Secretaries of the Interior Series
Event Date: Apr 20, 2006
Event Time: 7:00 p.m.
Location: Glenn Miller Ballroom, UMC
Two prominent former Secretaries of the Interior, Stewart Udall and James Watt, will meet in a public event for the first time April 20 to discuss land management issues with University of Colorado at Boulder Professor Patricia Limerick.
The public conversation will be held at 7:00 p.m. in the University Memorial Center’s Glenn Miller Ballroom on the CU-Boulder campus. The event is free and open to the public.
“Stewart Udall and James Watt are both figures of great historical significance, and the chance to hear a conversation between them is a spectacular opportunity,” said Patricia Limerick, Professor of History and Environmental Studies and Faculty Director of the Center of the American West.
“To many people engaged in natural resource issues, the names ‘Udall’ and ‘Watt’ may represent two opposite poles of opinion,” she said. “While we explore their significant areas of disagreement, we will also learn about some territories of opinion in which they are not worlds apart,” Limerick said.
The event will give Westerners “the opportunity to see that two people can explore their differences in a civil and good-humored manner, giving us hope for our own future in this contentious region,” she said.
The Udall-Watt conversation is sponsored by the CU-Boulder Center of the American West in partnership with The Nature Conservancy and the Denver law firms of Brownstein, Hyatt and Farber, and McKenna, Long and Aldridge.
Udall served as Secretary of the Interior for eight years from 1961 to 1969 under Presidents John Kennedy and Lyndon Johnson. As Secretary, he successfully pressed for landmark environmental legislation including the Clean Air Act, the Wilderness Act, the Land and Water Conservation Fund Act, and the Wild and Scenic Rivers Act.
Under his watch, the National Park Service added more than 2.4 million acres to its holdings, including four new national parks, six national seashores, and five national recreation areas. He was known at the time as one of the most effective spokespersons for the West, as well as for his ability to manage controversy and gain bipartisan support.
Watt served as Secretary of the Interior for three years from 1981 to 1983 under President Ronald Reagan. He entered his appointment in the face of considerable challenges resulting from the Sagebrush Rebellion – local Western reactions to the new environmental laws of the 1960s and 1970s had created a complicated set of tensions between Westerners and the Department of the Interior, Limerick said.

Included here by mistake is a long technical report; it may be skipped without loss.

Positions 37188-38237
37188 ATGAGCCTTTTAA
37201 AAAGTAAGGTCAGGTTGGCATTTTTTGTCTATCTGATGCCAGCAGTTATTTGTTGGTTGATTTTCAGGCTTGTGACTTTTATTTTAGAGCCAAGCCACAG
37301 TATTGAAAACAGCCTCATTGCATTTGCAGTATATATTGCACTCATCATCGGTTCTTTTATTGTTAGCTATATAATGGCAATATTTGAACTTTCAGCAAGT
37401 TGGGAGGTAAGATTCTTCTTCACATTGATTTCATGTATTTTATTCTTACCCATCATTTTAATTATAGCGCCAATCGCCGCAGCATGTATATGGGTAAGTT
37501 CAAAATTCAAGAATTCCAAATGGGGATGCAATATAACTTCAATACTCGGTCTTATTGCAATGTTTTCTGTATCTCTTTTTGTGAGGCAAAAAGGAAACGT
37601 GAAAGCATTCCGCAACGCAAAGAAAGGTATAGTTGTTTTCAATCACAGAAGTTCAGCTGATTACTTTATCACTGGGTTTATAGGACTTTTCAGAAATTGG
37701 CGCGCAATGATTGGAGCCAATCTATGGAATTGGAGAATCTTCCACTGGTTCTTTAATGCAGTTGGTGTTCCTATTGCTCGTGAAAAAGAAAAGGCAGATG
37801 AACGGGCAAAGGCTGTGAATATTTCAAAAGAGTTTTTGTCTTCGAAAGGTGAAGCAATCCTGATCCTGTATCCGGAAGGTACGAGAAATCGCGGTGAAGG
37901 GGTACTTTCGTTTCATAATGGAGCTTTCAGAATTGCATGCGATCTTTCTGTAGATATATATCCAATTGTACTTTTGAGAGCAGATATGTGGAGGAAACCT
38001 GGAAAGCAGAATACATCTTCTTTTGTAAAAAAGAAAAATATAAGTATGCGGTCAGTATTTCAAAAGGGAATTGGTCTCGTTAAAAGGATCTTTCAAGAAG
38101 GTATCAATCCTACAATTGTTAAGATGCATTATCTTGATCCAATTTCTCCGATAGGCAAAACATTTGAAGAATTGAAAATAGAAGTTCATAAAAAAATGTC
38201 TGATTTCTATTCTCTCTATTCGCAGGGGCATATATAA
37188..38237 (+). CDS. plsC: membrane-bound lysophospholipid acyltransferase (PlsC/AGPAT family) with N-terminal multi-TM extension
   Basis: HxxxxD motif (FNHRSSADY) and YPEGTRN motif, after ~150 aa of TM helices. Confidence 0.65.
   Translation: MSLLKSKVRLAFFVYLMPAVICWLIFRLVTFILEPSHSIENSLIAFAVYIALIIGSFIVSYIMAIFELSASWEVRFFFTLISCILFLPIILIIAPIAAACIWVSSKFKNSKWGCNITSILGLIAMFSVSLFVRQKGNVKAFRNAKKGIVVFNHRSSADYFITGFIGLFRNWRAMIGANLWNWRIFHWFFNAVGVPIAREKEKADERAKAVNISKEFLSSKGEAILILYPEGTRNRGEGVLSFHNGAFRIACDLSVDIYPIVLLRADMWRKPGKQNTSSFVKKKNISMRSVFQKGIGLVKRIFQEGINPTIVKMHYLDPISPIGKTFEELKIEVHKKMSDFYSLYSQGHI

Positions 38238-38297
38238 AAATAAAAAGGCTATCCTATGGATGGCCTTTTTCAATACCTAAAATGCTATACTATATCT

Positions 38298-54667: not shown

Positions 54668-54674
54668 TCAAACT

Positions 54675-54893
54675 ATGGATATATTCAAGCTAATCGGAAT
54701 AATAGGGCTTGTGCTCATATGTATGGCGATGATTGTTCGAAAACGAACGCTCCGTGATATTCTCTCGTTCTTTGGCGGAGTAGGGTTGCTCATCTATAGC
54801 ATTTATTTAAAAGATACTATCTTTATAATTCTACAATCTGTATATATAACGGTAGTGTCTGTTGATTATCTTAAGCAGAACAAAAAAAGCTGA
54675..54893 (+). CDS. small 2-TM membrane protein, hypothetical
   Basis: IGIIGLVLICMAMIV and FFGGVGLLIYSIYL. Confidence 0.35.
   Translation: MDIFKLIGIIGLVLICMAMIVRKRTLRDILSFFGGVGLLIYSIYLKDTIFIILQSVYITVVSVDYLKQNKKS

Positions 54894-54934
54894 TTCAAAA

In response, Watt introduced an aggressive leasing program in cooperation with the governors, which helped rebuild America’s energy base and minimize U.S. dependence on foreign resources. Watt also implemented a $1 billion program to help reverse a trend of deterioration in the national parks and oversaw a complete rewriting of water reclamation law, which was approved by Congress and signed into law.
The April 20 event is part of the Wren and Tim Wirth Forum on the American West, which has brought seven current or former Secretaries of the Interior to campus to discuss their roles in shaping the West. The series included previous visits by Gale Norton, Bruce Babbitt, Walter Hickel, Donald Hodel, and Manuel Lujan, Jr., in addition to separate visits by Watt and Udall. The Center plans to publish a book drawing together lessons from the interviews with the secretaries.
Udall lives in Santa Fe, New Mexico, and is an author engaged in writing on environmental issues. Watt lives in Jackson Hole, Wyoming, and Wickenburg, Arizona, and in recent years has been a lawyer, lecturer, professor, and businessman.
The Secretaries’ appearance is part of a series of events celebrating the Center of the American West’s 20th anniversary this year.